The southern metropolis Bengaluru. Image Credit: Gulf News

India’s luxury property market may not have been very attractive to resident Indians in the recent past — but it scores high with the NRIs due to their greater buying power. Multiple factors draw their attention.

For one, it promises a high standard of living to them if they chose to return to their country of origin. And second, the rentals can be decent if the property is located in a prominent employment hub. This segment has also not seen the kind of huge unsold inventory witnessed in mid-income housing, largely because builders consciously restricted new supply over the last couple of years.

As per recent research, the overall unsold inventory of luxury homes — priced between Rs15 million (Dh804,800) to Rs25 million — declined to 42,650 units in the first quarter from 48,300 units in 2018. Bengaluru led from the front, recording a significant 49 per cent reduction in unsold luxury stock within a year. It was followed by Kolkata with a 37 per cent decline.

Concurrently, unsold stock in the affordable segment saw an increase of nearly 3 per cent as maximum new launches catered to this segment during the period.

One major feature distinguishing luxury and ultra-luxury properties between various cities is its price range. For instance, properties priced greater than Rs15 million are considered ultra-luxury in Bengaluru while in Mumbai properties priced above Rs40 million fall into this category.

With the resurgence of the Indian economy and the ongoing construction activity in this segment, there has been a concurrent rise in both end-user and investor demand for luxury real estate. Anarock Research states that the returns on investment for luxury and ultra-luxury homes is around 3-5 per cent and 2-3 per cent, respectively.

This may not look handsome at the moment, but high net worth investors are nevertheless refocusing on this segment for three reasons — NRIs’ predilection towards an aspirational lifestyle, the potential for better returns when market rebound meets restricted supply in luxury areas, and the fact that price points of most luxury properties are at their lowest, with developers additionally offering lucrative deals.

The most convincing incentives for NRIs to invest in luxury and ultra-luxury properties are:

  • Higher potential for capital appreciation for properties located in prime areas; and
  • Higher and steady cash flow (via rental income) of properties in prime areas as against affordable housing in far-flung areas.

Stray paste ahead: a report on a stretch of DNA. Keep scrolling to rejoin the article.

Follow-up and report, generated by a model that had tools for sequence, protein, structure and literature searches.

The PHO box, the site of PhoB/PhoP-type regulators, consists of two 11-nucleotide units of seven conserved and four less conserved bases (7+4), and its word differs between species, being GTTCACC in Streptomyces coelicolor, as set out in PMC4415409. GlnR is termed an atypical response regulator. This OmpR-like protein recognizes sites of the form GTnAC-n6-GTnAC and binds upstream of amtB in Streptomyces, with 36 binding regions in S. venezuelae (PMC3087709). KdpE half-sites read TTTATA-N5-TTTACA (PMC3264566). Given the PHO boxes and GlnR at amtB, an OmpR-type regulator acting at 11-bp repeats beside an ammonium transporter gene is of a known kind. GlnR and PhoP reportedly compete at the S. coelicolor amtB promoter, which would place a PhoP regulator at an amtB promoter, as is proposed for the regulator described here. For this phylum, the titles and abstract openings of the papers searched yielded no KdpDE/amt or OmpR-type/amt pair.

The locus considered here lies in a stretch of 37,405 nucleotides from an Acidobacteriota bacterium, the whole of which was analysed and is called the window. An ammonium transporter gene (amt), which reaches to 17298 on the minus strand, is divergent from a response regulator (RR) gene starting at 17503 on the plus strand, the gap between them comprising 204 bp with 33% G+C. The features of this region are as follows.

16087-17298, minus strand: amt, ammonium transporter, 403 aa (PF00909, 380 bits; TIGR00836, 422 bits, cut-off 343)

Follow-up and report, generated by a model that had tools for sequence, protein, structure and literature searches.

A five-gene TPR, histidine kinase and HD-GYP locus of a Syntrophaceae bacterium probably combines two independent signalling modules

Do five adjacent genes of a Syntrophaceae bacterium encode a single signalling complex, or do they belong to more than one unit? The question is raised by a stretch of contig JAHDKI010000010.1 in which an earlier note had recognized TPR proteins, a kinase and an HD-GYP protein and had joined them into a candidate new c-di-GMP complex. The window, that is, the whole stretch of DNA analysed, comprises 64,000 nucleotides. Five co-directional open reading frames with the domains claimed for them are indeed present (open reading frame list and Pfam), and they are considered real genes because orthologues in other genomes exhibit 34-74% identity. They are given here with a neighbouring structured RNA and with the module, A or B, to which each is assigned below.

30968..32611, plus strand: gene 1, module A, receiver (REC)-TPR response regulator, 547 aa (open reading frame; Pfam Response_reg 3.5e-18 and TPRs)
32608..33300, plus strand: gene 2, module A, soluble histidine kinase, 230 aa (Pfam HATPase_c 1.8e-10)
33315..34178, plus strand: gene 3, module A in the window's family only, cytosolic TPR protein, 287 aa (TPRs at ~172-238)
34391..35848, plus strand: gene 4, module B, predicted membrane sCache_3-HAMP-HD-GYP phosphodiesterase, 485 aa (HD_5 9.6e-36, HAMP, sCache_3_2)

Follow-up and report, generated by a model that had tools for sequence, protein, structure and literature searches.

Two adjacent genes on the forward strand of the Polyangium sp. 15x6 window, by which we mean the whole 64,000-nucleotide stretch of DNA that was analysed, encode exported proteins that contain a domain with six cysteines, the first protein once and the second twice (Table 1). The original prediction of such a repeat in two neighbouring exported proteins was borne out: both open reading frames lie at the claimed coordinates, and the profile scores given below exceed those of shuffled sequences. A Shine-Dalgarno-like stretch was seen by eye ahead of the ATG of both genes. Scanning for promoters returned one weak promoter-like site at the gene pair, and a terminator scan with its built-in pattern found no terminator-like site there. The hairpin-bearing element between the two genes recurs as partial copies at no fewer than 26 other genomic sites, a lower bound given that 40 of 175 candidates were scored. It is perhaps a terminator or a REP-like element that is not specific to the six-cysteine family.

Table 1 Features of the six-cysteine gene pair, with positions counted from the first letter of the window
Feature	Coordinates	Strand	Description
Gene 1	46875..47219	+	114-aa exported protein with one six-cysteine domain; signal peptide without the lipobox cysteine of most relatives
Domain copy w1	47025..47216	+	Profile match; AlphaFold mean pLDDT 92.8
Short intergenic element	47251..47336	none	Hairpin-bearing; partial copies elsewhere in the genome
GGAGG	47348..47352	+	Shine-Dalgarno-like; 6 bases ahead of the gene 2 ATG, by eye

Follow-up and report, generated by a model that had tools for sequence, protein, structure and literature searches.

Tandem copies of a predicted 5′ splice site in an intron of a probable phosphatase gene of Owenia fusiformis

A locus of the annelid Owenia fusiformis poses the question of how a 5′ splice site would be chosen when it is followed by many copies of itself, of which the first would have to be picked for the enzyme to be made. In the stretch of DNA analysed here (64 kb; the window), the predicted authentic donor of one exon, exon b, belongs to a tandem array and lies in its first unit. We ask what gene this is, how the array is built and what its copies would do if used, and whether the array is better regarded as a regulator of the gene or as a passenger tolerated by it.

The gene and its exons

Our consumer sentiment survey also indicates that 28 per cent of NRI respondents are looking to buy luxury and ultra-luxury properties across cities. The perennial favourite of several NRIs, the luxury segment saw a declining interest post the reformatory changes in the real estate market. While the segment didn’t witness major corrections over the last two to three years, there was no hike either. Many luxury properties are now selling at their lowest-ever prices. The survey also indicates that 31 per cent NRIs currently prefer to invest in a property in Bengaluru. The Mumbai Metropolitan Region is not far behind — it has also seen decent new supply in the luxury and ultra-luxury segments over the last five to six years.

Pricing dynamics

The pricing dynamics for luxury housing vary across the top residential markets. For instance, property prices in luxury and ultra-luxury segment in Mumbai Metropolitan Region range between Rs40,000-Rs90,000 per square foot on carpet area, while in Delhi’s NCR, they hover between Rs12,000-Rs20,000 on built-up area. In Bengaluru, prices range between Rs7,500-Rs14,000 per square foot on built-up area.

Trends indicate that average property prices across these segments have largely remained stagnant across cities over the last few years. There has been neither any major fall nor rise in prices in this segment.

Investment rationale

Historically, NRIs typically bought luxury homes either for good RoI (Return on Investment) or for their self-use. After a prolonged wait-and-watch period post the recent reformatory changes in the Indian real estate market, the trend is now decidedly skewed towards personal use.

As always, they have an eye open for attractive capital appreciation — luxury properties have an edge as the incremental value is higher than affordable or mid-segment properties if prices appreciate.

Shajai Jacob is CEO — GCC at Anarock Property Consultants.